Mel Gibson is lining up his next three pictures, one of which now seems likely to be the much-anticipated “Lethal Weapon 4” for Warner Bros.
Gibson and his “Conspiracy Theory” filmmakers Richard Donner and Joel Silver (who are also part of the “Lethal” creative team) are close to joining hands on a fourth installment of the franchise.
The first three “Lethal Weapon” films jointly grossed more than $350 million in the U.S. alone.
In the scenario by writer Brian Helgeland quickly coming together for “Lethal Weapon 4,” Danny Glover will return as Gibson’s co-star, Donner will direct and Silver will produce.
However, Gibson has an obligation to make a film first with Paramount Pictures. If all goes well, Gibson will star in “Parker” starting in the fall. The “Parker” script was also penned by “Conspiracy Theory” writer Helgeland, who will make his feature film helming debut on the pic (Daily Variety, June 20).
“Parker” may end up as a co-production between Warner Bros. and Paramount, as Gibson’s Icon Prods. has a deal with both studios. When Gibson and Icon partner Bruce Davey structured their deal between Paramount and Warner Bros., Gibson agreed to both produce and star in films for each.
Paramount had offered several projects to Gibson over the past month, including the actioner “Pathfinder,” which the actor passed on. “Parker,” which had been in development at Icon, focuses on a criminal who is set up by his partners in crime and then systematically goes after them to exact revenge. Sources say Gibson had been looking for a project to do this fall.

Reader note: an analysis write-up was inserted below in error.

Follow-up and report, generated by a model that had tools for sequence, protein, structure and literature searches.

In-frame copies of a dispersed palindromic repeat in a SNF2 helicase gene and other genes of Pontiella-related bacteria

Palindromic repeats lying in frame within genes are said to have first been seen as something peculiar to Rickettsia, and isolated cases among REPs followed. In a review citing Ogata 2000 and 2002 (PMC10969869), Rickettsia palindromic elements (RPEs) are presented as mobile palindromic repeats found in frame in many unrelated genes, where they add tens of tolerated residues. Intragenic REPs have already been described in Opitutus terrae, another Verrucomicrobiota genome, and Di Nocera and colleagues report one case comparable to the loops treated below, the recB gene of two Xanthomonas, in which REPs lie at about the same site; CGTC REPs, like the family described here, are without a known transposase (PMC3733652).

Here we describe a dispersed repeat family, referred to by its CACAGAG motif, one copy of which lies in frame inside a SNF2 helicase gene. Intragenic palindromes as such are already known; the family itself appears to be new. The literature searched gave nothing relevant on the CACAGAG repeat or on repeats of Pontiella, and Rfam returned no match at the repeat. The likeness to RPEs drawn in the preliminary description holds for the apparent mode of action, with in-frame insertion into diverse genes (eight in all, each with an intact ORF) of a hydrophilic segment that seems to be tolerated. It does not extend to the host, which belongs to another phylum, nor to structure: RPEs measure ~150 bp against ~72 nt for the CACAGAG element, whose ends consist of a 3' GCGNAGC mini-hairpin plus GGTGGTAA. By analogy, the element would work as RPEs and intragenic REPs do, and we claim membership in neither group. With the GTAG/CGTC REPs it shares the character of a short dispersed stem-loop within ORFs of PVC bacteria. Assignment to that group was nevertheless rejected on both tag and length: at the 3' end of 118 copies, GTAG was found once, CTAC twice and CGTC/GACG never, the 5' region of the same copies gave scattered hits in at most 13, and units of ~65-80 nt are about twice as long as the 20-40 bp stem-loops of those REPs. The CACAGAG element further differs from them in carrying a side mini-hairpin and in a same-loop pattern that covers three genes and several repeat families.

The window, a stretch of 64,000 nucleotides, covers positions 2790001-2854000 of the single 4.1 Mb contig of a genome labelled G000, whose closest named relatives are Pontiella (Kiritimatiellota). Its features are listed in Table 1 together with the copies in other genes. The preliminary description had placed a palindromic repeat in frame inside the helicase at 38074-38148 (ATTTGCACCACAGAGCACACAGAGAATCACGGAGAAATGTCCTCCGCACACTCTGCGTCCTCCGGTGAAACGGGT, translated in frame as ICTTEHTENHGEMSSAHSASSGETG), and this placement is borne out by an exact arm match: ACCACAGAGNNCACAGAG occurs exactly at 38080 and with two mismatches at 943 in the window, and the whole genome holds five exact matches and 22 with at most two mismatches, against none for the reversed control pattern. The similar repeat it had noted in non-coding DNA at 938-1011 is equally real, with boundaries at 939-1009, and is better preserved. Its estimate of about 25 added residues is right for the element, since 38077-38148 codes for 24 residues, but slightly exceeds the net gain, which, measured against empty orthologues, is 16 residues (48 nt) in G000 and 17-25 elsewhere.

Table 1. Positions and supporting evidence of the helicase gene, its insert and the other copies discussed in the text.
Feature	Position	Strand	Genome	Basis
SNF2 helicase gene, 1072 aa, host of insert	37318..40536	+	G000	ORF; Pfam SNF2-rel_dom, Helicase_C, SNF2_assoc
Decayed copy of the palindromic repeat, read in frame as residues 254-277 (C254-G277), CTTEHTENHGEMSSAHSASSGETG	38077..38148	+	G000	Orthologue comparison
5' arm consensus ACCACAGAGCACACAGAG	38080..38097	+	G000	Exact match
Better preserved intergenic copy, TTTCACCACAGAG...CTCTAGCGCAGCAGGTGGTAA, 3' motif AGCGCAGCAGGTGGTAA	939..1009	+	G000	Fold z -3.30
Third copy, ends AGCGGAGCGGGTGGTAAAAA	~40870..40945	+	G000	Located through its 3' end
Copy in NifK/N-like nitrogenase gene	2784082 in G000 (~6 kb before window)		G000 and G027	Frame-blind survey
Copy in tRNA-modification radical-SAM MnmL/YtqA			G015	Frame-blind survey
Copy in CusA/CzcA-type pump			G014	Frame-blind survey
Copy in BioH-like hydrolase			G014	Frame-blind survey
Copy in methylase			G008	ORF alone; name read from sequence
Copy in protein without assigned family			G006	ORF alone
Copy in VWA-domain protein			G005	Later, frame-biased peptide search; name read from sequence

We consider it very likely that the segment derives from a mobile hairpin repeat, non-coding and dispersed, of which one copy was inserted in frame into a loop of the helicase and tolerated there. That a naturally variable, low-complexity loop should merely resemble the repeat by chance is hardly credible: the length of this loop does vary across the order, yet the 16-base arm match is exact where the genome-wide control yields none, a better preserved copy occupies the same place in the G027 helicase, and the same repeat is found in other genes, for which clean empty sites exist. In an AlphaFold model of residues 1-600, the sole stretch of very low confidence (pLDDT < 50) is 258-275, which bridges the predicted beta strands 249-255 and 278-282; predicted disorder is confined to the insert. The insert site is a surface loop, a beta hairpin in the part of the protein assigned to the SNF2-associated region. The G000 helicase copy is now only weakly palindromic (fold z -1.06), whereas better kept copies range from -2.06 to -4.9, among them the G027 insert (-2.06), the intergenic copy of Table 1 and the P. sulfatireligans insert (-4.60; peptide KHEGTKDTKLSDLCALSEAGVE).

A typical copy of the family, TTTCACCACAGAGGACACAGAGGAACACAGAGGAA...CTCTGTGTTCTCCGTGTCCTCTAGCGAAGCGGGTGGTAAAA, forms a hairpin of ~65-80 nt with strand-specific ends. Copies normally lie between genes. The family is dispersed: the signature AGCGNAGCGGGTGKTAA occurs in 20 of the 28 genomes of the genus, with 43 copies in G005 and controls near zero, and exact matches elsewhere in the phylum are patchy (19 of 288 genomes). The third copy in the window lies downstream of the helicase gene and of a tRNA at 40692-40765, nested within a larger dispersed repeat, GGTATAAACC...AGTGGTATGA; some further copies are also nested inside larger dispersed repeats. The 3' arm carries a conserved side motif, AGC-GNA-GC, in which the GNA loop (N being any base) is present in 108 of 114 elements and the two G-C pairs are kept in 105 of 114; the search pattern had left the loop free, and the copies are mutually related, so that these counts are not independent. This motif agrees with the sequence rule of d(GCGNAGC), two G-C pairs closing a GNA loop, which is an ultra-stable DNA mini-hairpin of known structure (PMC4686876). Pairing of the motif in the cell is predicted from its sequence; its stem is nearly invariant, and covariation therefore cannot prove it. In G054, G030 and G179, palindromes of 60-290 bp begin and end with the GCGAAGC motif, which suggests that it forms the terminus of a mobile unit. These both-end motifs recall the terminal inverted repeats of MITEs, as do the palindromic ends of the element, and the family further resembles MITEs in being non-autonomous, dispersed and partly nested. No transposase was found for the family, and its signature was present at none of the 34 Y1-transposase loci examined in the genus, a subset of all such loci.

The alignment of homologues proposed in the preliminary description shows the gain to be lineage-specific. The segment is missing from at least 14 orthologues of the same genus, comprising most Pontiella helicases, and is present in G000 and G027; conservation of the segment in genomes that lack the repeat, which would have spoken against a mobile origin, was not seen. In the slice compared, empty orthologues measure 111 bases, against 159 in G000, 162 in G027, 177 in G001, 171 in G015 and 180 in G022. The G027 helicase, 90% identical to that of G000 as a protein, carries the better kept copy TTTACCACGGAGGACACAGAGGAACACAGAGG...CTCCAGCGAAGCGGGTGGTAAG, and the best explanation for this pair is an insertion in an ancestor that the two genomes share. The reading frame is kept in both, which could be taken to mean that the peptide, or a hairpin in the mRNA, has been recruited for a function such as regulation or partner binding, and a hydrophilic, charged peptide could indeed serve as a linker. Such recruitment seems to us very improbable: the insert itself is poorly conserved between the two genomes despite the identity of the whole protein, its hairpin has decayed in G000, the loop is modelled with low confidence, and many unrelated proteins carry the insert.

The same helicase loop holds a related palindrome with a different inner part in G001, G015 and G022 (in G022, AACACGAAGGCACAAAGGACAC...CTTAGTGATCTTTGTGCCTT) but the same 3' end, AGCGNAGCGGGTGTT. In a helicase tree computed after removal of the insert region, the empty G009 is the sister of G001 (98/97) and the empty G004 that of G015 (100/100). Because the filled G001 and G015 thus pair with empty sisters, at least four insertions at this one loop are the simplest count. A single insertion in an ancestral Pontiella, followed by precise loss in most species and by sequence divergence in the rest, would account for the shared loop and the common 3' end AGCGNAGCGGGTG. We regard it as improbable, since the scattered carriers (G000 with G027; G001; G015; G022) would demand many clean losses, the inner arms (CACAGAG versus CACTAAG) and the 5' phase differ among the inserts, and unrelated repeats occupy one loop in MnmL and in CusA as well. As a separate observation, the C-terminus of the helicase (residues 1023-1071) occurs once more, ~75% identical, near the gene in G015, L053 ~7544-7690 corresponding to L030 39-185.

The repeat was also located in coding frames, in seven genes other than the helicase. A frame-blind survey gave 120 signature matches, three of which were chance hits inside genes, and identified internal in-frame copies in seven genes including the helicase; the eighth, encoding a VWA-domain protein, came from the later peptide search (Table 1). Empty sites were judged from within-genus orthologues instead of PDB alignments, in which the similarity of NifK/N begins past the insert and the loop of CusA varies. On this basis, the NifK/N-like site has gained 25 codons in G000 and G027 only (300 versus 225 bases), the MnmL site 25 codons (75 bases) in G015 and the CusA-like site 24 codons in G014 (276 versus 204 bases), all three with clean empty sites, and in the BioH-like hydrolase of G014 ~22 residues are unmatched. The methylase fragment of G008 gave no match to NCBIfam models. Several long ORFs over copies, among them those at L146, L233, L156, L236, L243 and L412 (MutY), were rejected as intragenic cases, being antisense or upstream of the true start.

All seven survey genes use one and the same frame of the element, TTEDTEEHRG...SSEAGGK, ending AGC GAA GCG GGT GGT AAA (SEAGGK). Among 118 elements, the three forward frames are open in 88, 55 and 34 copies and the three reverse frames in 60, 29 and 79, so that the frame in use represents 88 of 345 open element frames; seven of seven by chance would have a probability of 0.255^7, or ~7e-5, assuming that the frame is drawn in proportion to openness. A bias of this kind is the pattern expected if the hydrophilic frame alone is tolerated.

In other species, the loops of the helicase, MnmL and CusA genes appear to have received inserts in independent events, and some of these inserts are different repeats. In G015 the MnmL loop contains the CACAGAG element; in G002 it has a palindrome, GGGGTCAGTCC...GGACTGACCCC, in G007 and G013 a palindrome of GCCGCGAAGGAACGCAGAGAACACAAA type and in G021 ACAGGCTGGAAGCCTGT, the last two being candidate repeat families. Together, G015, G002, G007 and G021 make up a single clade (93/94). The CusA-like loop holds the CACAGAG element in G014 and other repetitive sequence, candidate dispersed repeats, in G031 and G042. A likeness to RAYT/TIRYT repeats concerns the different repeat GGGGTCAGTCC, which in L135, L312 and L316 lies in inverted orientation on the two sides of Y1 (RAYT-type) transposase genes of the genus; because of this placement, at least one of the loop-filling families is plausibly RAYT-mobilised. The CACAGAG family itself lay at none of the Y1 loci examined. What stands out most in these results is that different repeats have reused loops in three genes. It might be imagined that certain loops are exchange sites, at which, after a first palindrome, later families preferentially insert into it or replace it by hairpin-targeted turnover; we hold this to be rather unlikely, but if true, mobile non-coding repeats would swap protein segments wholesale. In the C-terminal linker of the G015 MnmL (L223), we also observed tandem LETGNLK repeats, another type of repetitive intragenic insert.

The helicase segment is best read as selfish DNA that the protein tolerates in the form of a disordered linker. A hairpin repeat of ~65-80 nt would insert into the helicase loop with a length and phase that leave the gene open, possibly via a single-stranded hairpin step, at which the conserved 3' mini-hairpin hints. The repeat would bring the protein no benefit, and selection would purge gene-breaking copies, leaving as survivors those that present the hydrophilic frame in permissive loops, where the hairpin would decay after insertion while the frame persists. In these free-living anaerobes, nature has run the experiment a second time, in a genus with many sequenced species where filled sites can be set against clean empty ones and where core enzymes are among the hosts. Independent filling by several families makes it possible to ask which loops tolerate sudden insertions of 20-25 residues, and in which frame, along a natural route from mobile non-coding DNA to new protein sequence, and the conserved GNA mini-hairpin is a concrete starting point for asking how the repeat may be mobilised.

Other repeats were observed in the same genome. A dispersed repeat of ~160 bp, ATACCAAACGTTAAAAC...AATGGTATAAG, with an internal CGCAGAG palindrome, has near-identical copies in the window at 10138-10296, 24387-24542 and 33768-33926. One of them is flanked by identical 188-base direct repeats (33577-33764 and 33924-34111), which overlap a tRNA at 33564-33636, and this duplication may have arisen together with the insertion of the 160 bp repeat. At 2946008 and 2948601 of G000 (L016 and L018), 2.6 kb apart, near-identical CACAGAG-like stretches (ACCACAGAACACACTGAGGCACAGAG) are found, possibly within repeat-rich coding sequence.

The hitch is that the underlying rights to the project, the Richard Stark novel “The Hunter,” are owned by WB and controlled by Silver. The hitch would be solved by Paramount becoming a partner in the pic with WB.
Gibson, whose obligation to star in a Par film would thus be met, then could agree to do “Lethal Weapon 4.”
Paramount chairman Sherry Lansing must agree to accept half of “Parker” as fulfillment of Gibson’s obligation to the studio. If Paramount says no to the deal, Gibson then would do “Parker” for WB exclusively, with “Lethal Weapon” going by the wayside.
On the other hand, Gibson could argue that he acted in good faith with Paramount, so a no from Par on the “Parker” arrangement could mean the studio ends up with nothing from Gibson for a long time.
$20 million upfront fee
Gibson is expected to get his $20 million upfront fee for “Lethal Weapon.” Gibson’s backend participation is such that — depending on the success of the film — he could garner an extra $15 million to $20 million in total compensation.
Warner Bros. denies that a deal on “Lethal” is close, and especially the projected precedent-setting compensation package.
That could be because there is no script yet. However, if Helgeland turns in a killer “Lethal” script, the film could be in production as early as January 1998. The last one bowed in 1992.
After “Lethal Weapon,” Gibson may finally get behind the camera for “Fahrenheit 451,” which would be his first directing/starring project since winning the best director Oscar for “Braveheart.”
“Fahrenheit” is being co-produced by Icon and Storyline Entertainment. After numerous drafts, sources say Gibson’s close to getting the script he wants to shoot. He’s been working with Terry Hayes, who, with director George Miller, scripted the last two films in the “Mad Max” franchise, which elevated Gibson to international stardom.
Gibson is repped by ICM’s Ed Limato.